The ruby-throated hummingbird’s Northward migration starts in April and the return South lasts until early October. It is commonly thought that hummingbirds only like the color, red. This is false. They may favor red, or can find it better, but they will work any nectarladen tubular flower with their long bills and tongues.
A hummingbird’s diet consists of 40% nectar and 60% insects. If you wish to feed and attract hummingbirds, a mixture of four parts water and one part white cane or beet sugar is a near match for flower nectar and is the best thing to offer. Plants such as the picture above, Spigelia marilandica are known to be great attractors for hummingbirds. There are many others such as; salvia species, agastache, canna lilies…
Hummingbirds are not everything in a landscape, but we do believe in trying our best to achieve having a well-balanced, ecological landscape in all landscaped areas. This means, going back to the basics. Planting native trees, shrubs and perennials that offer value and efficiency to the home as well as bio-diversity/habitat for wildlife!
Hydrangea… Everyone knows a hydrangea…Mostly! This is the season for them. There are five main types of hydrangeas that we use in the landscape in this area; Hydrangea arborescens ‘Annabelle’, Hydrangea macrophylla (bigleaf), Hydrangea querciolia (oakleaf), Hydrangea paniculata (panicle) and Hydrangea petiolaris (climbing hydrangea vine).
Hydrangea macrophylla is a large leaf hydrangea with blooms that are usually pink or blue that form off of old, second-year growth. This hydrangea will bloom more blue with an acidic soil and bloom more pink with an alkaline soil. This hydrangea at our shop blooms both pink and blue, probably because we don’t add any supplemental pH amendments, so it blooms according to the natural soil pH!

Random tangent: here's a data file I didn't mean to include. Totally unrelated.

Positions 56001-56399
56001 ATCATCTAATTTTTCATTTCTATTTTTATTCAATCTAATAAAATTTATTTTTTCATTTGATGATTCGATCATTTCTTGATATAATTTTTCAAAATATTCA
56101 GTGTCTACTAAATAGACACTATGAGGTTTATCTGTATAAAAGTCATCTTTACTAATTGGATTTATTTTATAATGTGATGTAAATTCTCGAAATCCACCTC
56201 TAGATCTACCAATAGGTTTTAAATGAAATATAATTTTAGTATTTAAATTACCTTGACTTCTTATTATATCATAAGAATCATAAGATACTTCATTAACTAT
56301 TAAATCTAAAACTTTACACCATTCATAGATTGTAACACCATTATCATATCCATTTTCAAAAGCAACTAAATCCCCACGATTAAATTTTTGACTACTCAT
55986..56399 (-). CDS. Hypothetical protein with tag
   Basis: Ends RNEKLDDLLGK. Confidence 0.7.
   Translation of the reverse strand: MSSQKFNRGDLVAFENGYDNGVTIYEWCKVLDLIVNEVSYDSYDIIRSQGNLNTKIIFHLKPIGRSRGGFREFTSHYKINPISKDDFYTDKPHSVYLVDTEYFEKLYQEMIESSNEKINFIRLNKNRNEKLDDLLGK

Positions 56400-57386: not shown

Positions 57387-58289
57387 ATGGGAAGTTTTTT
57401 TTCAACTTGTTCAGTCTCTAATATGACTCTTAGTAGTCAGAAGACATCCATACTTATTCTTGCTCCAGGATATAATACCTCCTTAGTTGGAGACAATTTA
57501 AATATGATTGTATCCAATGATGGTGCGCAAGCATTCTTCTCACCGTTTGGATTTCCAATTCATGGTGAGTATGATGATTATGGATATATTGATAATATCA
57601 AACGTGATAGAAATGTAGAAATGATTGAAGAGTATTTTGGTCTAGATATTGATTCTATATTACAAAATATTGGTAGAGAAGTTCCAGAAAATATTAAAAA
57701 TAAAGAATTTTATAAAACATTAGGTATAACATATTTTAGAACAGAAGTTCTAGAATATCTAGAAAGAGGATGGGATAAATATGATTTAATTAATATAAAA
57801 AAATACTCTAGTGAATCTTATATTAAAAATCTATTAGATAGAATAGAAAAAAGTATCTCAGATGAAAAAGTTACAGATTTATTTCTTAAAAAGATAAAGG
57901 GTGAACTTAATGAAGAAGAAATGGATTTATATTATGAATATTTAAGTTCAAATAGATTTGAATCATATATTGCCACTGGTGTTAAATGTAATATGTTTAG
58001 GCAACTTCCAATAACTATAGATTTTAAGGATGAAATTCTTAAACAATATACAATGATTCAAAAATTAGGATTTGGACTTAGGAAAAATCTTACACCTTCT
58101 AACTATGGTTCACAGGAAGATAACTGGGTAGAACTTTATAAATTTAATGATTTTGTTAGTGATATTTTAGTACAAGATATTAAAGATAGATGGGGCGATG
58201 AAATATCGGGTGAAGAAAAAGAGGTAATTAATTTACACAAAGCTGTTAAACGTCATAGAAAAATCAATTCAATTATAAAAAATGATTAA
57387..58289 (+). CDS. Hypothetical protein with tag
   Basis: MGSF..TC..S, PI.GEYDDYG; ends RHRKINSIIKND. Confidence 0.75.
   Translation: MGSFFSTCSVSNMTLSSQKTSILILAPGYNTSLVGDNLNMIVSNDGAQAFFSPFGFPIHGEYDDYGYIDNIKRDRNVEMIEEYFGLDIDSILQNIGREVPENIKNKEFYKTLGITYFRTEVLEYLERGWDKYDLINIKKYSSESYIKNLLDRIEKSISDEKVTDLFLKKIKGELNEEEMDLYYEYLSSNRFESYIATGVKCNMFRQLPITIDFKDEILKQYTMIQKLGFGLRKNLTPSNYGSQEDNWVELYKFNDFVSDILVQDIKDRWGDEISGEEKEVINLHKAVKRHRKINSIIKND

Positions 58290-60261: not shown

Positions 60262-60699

Hydrangea arborescens ‘Annabelle’ is a white blooming hydrangea that blooms off of new year’s growth. This means that, unlike the H. macrophylla, you can prune this one in the spring before it blooms and it will still produce flowers that year.
Hydrangea quercifolia has leaves that resemble oak leaves, has panicle-shaped flowers and has great fall color as well as interesting bark in the winter. The mature sizes vary from 2-3′ tall and wide, a 5-6′ tall and wide.
Hydrangea paniculata has many interesting cultivars that range from white to pink colored blooms, tree-form varieties, dwarf and regular sized varieties.
Hydrangea petiolaris is a climbing vine-type hydrangea. It will grow up to 20 feet tall and is easy to train. Like other hydrangeas, it prefers mostly shade.
That’s a brief overview of the hydrangea group of plants. **Fact: When it hasn’t rained for awhile, hydrangeas will be the first plants to show wilting/drought stress in the landscape! This is usually a sign that some of your other important plants may need supplemental watering if it doesn’t rain for a week or more after that!
One of my favorite flower colors combined with the flower texture… This is Helenium sp., commonly known as sneezeweed. I like the contrast between the petals, from yellow to orange to orangish-red. The seedhead in the center is also attractive.
My favorite thing about being a landscaper: Enjoying God’s creation and worshiping Him through it!